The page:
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Sex, ultraviolence shake up S.African theater

October 28, 2005

By Rebecca Harrison

JOHANNESBURG (Reuters) – Rape, murder, pedophilia and rare
male nudity on the conservative African stage — no wonder
South Africa’s hottest playwright is credited with
revolutionizing theater in his homeland.

Mpumelelo Paul Grootboom is part of a growing cadre of
young black South African artists smashing through African
taboos to portray in theater and film the ultraviolence and
explicit sex they say reflects real life in the country’s
roughest townships.

“After apartheid died some people were scared, they were
shying away from showing black people in a bad way,” said
Grootboom. “I try to fight against that. An artist should tell
about what he sees.”

The 30-year-old writer is luring a new generation of black
theatergoers to his plays, which mix English with township
slang peppered with expletives, and tackle the rainbow nation’s
dark underbelly, including the twin scourges of AIDS and crime.

His latest play, “Relativity: Township Stories,” a tale of
moral decay set in a generic black township, notches up 10
on-stage murders, each one marked with an item of clothing hung
on a washing line.

Met with howls of delight by the mostly black audience, his
last play “Cards,” set in a Johannesburg brothel, was one of
the first African plays to feature male nudity — no mean feat
for a black director, says Grootboom.

“It is very difficult to get a black actor to take off his
clothes — it’s a taboo, they worry what their parents think.”

EMPTYING OUT FRUSTRATIONS!

“Cards” and “Relativity” follow last year’s controversial
play “Tsepang,” based on a true story about the rape of a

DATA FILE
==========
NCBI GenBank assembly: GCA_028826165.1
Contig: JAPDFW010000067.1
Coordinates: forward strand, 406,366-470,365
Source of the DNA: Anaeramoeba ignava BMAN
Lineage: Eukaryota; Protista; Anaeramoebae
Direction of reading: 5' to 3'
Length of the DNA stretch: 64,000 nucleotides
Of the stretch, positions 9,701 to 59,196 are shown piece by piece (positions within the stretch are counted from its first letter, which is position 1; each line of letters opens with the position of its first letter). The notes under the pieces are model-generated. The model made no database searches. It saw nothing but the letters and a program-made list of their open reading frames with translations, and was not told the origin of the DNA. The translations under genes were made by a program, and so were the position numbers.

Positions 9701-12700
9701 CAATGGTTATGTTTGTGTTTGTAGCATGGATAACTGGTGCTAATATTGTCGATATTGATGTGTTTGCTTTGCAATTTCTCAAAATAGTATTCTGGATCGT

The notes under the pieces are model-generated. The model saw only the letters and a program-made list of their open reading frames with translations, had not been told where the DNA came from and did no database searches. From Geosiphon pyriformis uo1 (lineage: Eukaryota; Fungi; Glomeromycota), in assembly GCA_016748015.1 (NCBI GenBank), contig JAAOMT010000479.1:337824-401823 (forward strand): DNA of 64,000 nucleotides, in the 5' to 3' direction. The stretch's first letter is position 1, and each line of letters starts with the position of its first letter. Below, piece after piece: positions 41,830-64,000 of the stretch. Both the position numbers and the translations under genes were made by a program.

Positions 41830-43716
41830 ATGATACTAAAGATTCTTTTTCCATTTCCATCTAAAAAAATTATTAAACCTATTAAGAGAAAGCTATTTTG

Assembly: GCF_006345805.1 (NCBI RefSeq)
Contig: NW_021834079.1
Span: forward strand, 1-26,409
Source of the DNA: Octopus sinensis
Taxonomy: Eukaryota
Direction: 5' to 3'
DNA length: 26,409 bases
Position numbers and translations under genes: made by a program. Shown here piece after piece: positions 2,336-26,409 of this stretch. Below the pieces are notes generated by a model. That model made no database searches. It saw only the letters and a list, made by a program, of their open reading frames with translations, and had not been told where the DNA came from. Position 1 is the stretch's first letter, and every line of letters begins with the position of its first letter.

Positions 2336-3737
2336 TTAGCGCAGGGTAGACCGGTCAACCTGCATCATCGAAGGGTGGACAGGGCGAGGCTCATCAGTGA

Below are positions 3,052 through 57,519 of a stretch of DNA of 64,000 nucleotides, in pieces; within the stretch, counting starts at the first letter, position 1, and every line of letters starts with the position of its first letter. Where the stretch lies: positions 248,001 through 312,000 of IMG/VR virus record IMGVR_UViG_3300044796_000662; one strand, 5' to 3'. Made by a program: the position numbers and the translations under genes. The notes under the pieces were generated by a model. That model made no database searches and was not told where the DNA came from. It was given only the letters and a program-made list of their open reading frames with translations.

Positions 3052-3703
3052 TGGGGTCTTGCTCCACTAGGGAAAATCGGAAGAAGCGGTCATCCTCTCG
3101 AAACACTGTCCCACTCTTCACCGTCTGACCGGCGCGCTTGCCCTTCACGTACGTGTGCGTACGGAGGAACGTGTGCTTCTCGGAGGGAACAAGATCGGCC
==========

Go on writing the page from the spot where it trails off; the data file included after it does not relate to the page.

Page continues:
9-month-old girl.

Commentators also note similarities with “Tsotsi,” a South
African film tipped for an Oscar nod about a gangster from
Soweto, South Africa’s most famous township.

Having grown up in Soweto, Grootboom says he should know
about violence. His cousin is in jail for rape and murder and
he modeled the villains of his two recent plays on his own
darkest desires.

“I identified with the serial killer in ‘Relativity’ — for
a long time I used to feel like that. I am emptying out some of
my frustrations,” he said.

In “Cards,” he felt closest to the character of a brothel
owner who tries to buy off a corrupt judge with the body of a
14-year-old girl and summarily murders one of his prostitutes
for refusing to have sex without a condom.

“I enjoyed saying some of the bad things I feel,” he said.

But Grootboom says he has had enough of real-life violence
and wants to keep the murder and intrigue for his plays.

“I have been exposed to a whole lot of violence, maybe I am
trying to deal with that. I don’t go back to Soweto, it is too
violent, 12-year-old boys will kill you for your cellphone.”

He is toying with three storylines for his next play, one
of which focuses on extreme racial violence in Johannesburg’s
city center.

“I have some doubts because I want to stay away from
violence for a bit,” he mused. “Maybe I will write a nice quiet
love story instead.”




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